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Gunter Siegmund
03-24-2003, 06:30 AM
Greetings...



The onset of movement is often estimated from biomechanical data using one of the following techniques:

a) the time at which a signal reaches a threshold (usually based in some way on the noise level in the pre-movement signal), or

b) the time at which a signal last crosses through zero (or some other baseline value) before the movement is clearly in progress.



We are attempting to quantify the bias introduced with these techniques for different transducers, movement rates, etc. and have the following questions for the group:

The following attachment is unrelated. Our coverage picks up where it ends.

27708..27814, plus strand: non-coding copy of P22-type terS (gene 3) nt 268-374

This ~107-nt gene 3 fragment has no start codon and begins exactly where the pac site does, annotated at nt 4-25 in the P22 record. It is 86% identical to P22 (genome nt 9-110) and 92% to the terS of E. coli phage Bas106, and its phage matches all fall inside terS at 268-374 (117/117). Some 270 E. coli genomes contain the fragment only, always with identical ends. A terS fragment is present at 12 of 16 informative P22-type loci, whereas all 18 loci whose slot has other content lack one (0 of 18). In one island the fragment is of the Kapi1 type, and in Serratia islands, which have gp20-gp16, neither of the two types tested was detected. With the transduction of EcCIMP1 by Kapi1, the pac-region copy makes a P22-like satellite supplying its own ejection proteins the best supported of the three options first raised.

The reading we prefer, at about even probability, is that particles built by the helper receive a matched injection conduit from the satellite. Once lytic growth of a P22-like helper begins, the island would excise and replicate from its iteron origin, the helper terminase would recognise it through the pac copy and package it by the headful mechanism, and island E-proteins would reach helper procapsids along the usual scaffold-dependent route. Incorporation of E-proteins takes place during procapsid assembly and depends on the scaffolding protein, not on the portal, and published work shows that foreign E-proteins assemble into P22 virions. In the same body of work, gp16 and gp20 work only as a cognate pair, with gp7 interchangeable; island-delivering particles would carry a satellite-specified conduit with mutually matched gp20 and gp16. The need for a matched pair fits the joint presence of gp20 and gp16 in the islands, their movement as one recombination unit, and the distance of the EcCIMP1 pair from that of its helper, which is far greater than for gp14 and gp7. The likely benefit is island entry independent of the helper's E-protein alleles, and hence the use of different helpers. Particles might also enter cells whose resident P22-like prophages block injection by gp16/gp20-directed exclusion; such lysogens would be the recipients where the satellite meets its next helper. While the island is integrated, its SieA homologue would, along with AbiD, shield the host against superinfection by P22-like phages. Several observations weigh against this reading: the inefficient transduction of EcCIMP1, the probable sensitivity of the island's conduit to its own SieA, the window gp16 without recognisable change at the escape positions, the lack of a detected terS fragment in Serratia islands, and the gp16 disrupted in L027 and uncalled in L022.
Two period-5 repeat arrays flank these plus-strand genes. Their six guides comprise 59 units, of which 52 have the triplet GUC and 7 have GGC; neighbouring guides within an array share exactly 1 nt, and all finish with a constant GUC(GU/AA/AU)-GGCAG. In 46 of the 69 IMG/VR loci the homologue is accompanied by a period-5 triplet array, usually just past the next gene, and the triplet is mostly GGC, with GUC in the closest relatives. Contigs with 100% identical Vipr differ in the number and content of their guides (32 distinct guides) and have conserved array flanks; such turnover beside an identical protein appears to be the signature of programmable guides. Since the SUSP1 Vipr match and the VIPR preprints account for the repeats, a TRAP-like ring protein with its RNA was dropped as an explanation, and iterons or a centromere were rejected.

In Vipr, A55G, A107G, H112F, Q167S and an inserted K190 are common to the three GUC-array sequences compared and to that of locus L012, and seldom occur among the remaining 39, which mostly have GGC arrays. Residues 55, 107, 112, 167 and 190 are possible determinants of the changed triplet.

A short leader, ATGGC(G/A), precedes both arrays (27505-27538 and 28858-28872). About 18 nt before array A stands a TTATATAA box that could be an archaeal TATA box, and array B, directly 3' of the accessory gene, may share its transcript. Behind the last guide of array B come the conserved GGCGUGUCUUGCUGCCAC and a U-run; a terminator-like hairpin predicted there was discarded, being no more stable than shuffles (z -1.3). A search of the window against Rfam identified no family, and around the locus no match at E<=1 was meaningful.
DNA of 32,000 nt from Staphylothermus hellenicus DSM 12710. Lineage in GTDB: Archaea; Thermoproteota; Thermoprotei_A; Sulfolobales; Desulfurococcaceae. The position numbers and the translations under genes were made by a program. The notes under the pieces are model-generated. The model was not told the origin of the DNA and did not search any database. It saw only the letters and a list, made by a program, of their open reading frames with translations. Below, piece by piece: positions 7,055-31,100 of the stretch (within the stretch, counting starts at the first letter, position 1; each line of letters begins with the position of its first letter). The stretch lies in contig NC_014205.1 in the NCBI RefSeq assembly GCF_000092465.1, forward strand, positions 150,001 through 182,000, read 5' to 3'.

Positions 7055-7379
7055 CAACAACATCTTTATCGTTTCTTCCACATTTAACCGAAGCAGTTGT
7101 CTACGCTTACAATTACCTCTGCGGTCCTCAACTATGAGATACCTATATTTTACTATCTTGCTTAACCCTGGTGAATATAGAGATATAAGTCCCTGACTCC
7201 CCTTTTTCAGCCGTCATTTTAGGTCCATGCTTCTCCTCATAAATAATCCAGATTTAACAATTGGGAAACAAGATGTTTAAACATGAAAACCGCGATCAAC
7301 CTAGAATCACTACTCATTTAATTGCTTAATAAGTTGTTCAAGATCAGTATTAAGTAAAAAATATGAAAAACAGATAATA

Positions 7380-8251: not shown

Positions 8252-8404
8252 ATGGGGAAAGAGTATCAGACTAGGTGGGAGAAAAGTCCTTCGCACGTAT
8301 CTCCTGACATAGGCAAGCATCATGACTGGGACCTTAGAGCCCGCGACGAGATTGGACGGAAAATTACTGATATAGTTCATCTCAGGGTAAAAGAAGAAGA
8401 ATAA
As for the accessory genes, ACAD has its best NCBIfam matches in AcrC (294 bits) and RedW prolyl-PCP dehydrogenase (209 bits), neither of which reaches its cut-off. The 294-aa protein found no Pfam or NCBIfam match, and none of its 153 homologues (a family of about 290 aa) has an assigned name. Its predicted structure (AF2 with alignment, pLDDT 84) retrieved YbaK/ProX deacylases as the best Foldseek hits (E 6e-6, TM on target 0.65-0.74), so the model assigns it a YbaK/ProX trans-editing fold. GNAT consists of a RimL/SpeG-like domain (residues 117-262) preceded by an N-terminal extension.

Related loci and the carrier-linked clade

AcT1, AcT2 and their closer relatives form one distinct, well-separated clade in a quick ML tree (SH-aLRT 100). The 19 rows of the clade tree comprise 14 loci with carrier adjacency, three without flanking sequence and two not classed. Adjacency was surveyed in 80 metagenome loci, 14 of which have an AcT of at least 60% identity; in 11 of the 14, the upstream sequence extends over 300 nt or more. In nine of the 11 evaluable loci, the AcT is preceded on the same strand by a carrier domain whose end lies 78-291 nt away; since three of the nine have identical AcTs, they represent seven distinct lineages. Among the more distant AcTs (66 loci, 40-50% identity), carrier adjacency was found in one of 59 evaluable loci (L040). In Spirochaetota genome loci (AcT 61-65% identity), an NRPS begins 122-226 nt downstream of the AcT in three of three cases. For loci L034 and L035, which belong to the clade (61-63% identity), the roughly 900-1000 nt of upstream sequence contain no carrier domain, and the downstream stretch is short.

1. Are there other techniques that we should also consider?

2. Are there existing articles/references/sources that develop or evaluate techniques for estimating movement onset?



Our search of the biomechanical literature, the biomch-l archives and the web has yielded no primary sources for these techniques, only many examples of their use. A review of a number of signal processing books has also yielded nothing.



A summary of responses will be posted if there is sufficient interest.



Thank you,

Gunter

__________________________________________________ _____

Gunter Siegmund, Ph.D., P.Eng.
gunters@maceng.com

Adjunct Professor
School of Human Kinetics
University of British Columbia, Vancouver, BC, Canada
http://www.hkin.educ.ubc.ca

Principal
MacInnis Engineering Associates
11-11151 Horseshoe Way, Richmond, BC, Canada, V7A 4S5
http://www.maceng.com

office: 604 277 3040
fax: 604 277 3020
tollfree: 800 565 3040
__________________________________________________ _____

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